A spot of poetry

Going Home was written last year, which won the One Word Challenge on Writer's Talkback back in August 2009.  It was inspired by a trip overseas, and leaving someone special behind.  It's an example of my favourite style of poetry - free verse and without punctuation.

Going Home

I left early. You were still asleep.
Sunlight was poking through the remains of night
When I boarded the plane and took my seat. I left you a note. You’ll read it and weep
Glass tears on pearly pillows, gems of endearment
Or shards of hate that sink deep
I didn’t say goodbye. You would only crack
Or shatter without your protective glaze
When you learn of my flight, that I won’t be back.
I’ve set your watch. You will always know my time
Understand that distance is just a word
You’re ten hours ahead, I’m ten hours behind
I’ll think of you, when I see cotton candy clouds
Or miles of ocean, shimmering like turquoise chiffon
While seconds turn into minutes, and minutes turn into hours
And when I land, your day will be gone
Mine will have begun once again, caught in time
A day I live twice, to think about what I’ve done
I didn’t say just how much I will miss you.
I couldn’t find the words, not then, when it mattered
Or cradle your heart when you needed me to.
You’re like a galvanised jewel, set in mind
But even though I am finally home, I’m here,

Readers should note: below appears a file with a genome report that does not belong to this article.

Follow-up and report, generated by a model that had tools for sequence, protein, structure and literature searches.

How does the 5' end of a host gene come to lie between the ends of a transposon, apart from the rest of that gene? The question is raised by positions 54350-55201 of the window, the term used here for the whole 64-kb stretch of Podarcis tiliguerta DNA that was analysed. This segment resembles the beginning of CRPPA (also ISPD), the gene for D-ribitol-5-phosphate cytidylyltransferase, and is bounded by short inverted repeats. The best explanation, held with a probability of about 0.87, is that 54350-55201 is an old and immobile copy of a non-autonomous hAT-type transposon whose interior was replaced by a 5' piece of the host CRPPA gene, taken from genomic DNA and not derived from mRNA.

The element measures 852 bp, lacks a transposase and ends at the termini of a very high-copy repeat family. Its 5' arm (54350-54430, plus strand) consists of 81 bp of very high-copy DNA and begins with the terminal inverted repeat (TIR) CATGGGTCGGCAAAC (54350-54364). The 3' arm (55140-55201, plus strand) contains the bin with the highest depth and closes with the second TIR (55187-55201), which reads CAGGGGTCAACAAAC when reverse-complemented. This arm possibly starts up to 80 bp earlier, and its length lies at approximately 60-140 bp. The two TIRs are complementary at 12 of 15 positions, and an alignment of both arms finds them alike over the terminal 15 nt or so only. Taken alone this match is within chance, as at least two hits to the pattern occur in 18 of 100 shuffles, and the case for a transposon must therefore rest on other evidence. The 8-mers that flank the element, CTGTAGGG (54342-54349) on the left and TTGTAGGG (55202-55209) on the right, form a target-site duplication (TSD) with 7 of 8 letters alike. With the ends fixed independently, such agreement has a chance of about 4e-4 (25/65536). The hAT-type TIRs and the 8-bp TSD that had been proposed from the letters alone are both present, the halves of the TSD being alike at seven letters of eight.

You will always remind me what I left behind.

A bit of Flash...

This flash fiction piece was written for an entry into the Writer's Talkback one word challenge, which I am proud to have won many times, and this one is one of my favourites.  The word 'Alone' provoked the story, and I came up with something suitably dark.  I can't say my writing is ever happy-clappy - I love to delve into dark matter too much! 

Your Mother Loves You

Rain glistened like pools of quicksilver along the pavements.

Low cloud pressed against the surroundings, made the sky seem darker than it was.

A droplet splashed against his face and he blinked as though it was acid. He didn’t understand this darkness. He didn’t understand the chill coiling around him, couldn’t fathom the strange glare that made his eyes hurt.

The cool moisture on his lips and tongue tasted strange. It didn’t nourish or satisfy, and his stomach winced with hunger, the feeling growing, making his insides ache.

He was unable to move, cocooned in a thin blanket, and his back felt numb. A thin, bloody film covered his wrinkled skin. He shivered, fingers bunching.

He tried to make a noise, tried to cry, but his clogged lungs sagged, and instead he wept silently into the night, tears lost as the rain washed over him.

A minute turned into an hour, then two, then three. After a while, he stopped moving. Eventually he stopped crying.